How a car air-conditioning works.


How a Car Air-Conditioning System Works

The air conditioning in almost all cars follow the same relatively simple system. Since the design is almost universal, a basic familiarity with how it works can greatly facilitate a car owner’s ability to diagnose problems with their air conditioning system, or assess one when considering buying a used car.

A car’s air conditioning system contains a refrigerant that’s normally gaseous under room temperature conditions, but is held under pressure in the system. The changeability of the refrigerant is what makes it useful in climate control. When a car’s A/C is turned on it’s compressed, causing it to transition from a gas to a liquid as the molecules are forced together. Compression, activated by pressure switches brings its temperature down, just as lowering a substances temperature directly would compress it. A condenser in front of a car’s radiator compresses it when the pressure switches are tripped by a signal from the car’s dashboard, and then it’s released from the condenser through an expansion valve, which acts as a very small opening.

The sudden pressure change that results inside the evaporator makes it cold, and then air is passed through it by a blower and into the car interior. The gas is then recovered inside the evaporator and returned to where it’s stored in the system. This all occurs in a closed system the refrigerant is continuously recycled through. A filter drier filters it and removes moisture, and it moves between components via hoses. The actions of the filter drier keep the A/C mechanism from being damaged by rust or the hoses no longer allowing airflow.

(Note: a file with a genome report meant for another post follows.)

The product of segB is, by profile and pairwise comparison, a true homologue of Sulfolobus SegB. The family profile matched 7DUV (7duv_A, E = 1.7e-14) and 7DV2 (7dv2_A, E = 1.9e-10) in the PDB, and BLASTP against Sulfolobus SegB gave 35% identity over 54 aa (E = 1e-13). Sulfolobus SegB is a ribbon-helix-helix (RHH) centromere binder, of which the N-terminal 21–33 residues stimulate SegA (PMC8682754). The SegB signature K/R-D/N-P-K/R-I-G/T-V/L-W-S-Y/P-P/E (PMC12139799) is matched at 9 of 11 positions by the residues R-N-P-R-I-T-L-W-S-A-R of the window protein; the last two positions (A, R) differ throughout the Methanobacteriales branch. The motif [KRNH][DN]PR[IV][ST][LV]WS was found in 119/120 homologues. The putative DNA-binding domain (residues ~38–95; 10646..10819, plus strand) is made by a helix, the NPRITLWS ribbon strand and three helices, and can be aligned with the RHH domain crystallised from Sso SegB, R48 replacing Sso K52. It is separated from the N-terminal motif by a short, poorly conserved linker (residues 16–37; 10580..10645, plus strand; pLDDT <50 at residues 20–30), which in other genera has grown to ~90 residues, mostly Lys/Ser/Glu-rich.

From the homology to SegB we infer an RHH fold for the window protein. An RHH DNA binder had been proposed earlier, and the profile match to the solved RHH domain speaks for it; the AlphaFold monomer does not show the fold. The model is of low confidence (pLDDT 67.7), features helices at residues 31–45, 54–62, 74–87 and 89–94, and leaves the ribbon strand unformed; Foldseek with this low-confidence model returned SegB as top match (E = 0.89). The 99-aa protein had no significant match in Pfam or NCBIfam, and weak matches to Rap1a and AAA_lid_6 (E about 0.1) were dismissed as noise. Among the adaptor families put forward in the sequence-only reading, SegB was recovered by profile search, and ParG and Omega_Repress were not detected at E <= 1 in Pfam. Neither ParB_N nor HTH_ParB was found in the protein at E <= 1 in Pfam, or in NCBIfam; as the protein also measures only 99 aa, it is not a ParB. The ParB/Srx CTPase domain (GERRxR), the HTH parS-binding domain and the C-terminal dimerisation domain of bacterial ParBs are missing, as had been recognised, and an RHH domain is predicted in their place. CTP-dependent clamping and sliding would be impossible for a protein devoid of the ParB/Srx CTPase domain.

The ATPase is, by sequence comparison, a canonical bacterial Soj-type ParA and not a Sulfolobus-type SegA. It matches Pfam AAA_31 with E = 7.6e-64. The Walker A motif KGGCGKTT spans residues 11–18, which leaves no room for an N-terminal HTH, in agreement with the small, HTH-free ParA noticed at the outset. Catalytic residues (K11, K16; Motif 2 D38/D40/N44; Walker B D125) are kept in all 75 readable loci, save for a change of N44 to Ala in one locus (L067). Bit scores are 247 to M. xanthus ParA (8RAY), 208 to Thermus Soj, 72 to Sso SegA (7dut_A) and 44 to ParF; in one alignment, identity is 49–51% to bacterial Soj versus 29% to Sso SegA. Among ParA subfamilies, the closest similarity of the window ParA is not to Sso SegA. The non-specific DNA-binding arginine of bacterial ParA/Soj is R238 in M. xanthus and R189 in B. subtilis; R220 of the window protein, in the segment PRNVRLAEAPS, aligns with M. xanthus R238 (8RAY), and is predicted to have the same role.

The compressor is powered by the engine, using the system of the serpentine belt. It basically runs on energy that’s already moving through the car as a result of it running. The compressor is connected to the evaporator. Inside the car, the status of the A/C is represented on a pair of manifold gauges. Manifold gauges display the pressure in parts of the system, allowing maintenance and diagnosis. Some systems have orifice tubes instead of an expansion valve, the difference being that the tube is a fixed size, but an expansion valve can vary as a result of differences in temperature.

The setting available to the driver control things like blower fan speed, and how much cold air is mixed in with the rest of the air passed through the system. Commands from the computer controlled by the driver cause the compressor to start pressurization.

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